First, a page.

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Sellafield’s plutonium waste has continued to circulate in the Irish Sea

  Plutonium Remobilisation in the Irish Sea, No2Nuclear Power No 132 May 2021,  Low-level aqueous radioactive waste has been discharged from the Sellafield site into the Irish Sea for more than 50 years. Originally it was thought that soluble radionuclides discharged from Sellafield (such as caesium and tritium) would be diluted and dispersed whereas long lived, transuranic nuclides such as Plutonium, and Americium would leach out of the liquid phase and become preferentially adsorbed to the surface of sedimentary particles in the water column, sink to the seabed and remain permanently bound and immobilised in seabed deposits and therefore isolated from human populations and the environment.

Unfortunately, it has since emerged that a proportion of such sediment associated radioactivity has, and is being actively transported around the Irish Sea while the remainder is temporarily “sequestered” in the seabed but subject to any future disturbance mechanisms such as storm, wave and seismic activity. In addition, a proportion of dissolved nuclides did not necessarily remain dissolved in liquid form in the water column, but could become incorporated into organic particles and deposited into sedimentary environments where they could be temporarily sequestered, but subsequently recycled back into the environment by dredging, trawling storm and seismic activity. 


Plans by West Cumbria Mining (WCM) for an under-seabed coal mine off the coast of Cumbria near Whitehaven and the possibility of a Geological Disposal Facility, also under the seabed off the coast of Cumbria have raised concerns that transuranic radionuclides currently sequestered in Irish Sea sediments could be further remobilised as a result of these activities,

 A large proportion of the Sellafield-derived radionuclides disposed to sea have become associated with the sediment at two sites close to the waste disposal pipeline: the Irish Sea Mudpatch and the Esk Estuary. The Mudpatch is a belt of fine-grained sediments located about10 km from the waste pipeline.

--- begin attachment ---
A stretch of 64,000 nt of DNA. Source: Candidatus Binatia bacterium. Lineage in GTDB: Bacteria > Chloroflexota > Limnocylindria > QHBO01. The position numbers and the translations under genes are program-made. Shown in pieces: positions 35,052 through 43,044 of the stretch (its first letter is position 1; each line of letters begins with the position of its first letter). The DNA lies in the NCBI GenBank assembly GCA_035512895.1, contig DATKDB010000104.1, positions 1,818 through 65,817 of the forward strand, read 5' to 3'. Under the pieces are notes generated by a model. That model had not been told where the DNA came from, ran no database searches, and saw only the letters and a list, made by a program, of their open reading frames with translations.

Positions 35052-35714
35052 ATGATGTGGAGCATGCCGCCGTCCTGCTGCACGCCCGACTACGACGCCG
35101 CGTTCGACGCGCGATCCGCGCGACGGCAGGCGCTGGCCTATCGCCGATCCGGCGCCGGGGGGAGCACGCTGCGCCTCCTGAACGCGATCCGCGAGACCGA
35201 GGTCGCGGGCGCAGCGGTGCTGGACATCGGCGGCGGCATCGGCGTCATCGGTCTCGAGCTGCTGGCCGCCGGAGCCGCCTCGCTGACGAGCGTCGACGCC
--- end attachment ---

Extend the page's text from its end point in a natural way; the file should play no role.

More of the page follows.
In 1999 Kershaw et al showed evidence that sediment-bound radionuclides over the previous decade were being redistributed. There was a decrease in the coastal zone around Sellafield and increases in Liverpool Bay and the western Irish Sea. Levels of dissolved 239/240Pu in the water column decreased only slowly since the peak discharge rates in the 1970s and much more slowly than the drop in Sellafield discharges. This suggests that material is moving from contaminated sediments and becoming dissolved in seawater where it is available for transport. Indeed, in the western Irish Sea, evidence has been found that 239/240Pu is being transported from the eastern Irish Sea. There is also evidence of the direct transport of contaminated sediment. (1) 

Daisy Ray et al. highlight the fact that “once mobilised, the radionuclides can be transported elsewhere in the Irish Sea … Although waste discharges are continuing to decrease from the Sellafield site, the Mudpatch may continue to supply “historic” Sellafield-derived radionuclides to other locations. Indeed, recent data from Welsh and Scottish coastal areas suggest that the Mudpatch still acts as a source of radionuclides to UK coastal areas.” (2) 


The model developed by Aldridge et al. at the Centre for Environment Fisheries and Aquaculture Science (CEFAS) in 2003 strongly suggest that the principal source of 239/240Pu in the Irish Sea was sediments in the eastern Irish Sea contaminated from past discharges, rather than new inputs from Sellafield. (3) Radionuclide re-distribution can occur by two principal mechanisms. Directly, by the transport of contaminated sediment, or indirectly via exchange and transport in dissolved form (dissolution). The latter process operates when tidal, wind or trawling activity re-suspends bed material allowing transfer of radionuclides to the water column. (4) 

Ray el al. also suggest that bioturbation – the reworking of soils and sediments by animals or plants – at the Cumbrian Mudpatch will continue to act as a source of “historic” Sellafieldderived radioactivity to the UK Coastal Environment. If this redistribution of historical discharges of radionuclides is happening by natural processes, it can be assumed that the problem could become much more serious as a result of human mining activities under the seabed, 
A recent report by Marine Consultant, Tim Deere-Jones concludes that:     

  It is evident that any subsidence within the WCM designated seabed mining zone will generate some form and degree of seabed morphological distortion. It is equally evident that any such seabed distortion will remobilise previously sequestered seabed sediments, and their associated pollutants, which will subsequently be transported and re-distributed through the regional marine and coastal environments. It is inevitable that such re-mobilisation and re-distribution will expose marine wildlife and human coastal populations and stakeholders to some degree of exposure doses to those pollutants via a number of mechanisms and pathways.” (5)   https://www.no2nuclearpower.org.uk/wp/wp-content/uploads/2021/05/nuClearNewsNo132.pdf

May 13, 2021 - Posted by | - plutonium, Ireland

1 Comment »

  1. Some relevant links/info to go with this report

    Comment by arclight2011part2 | June 19, 2021 | Reply


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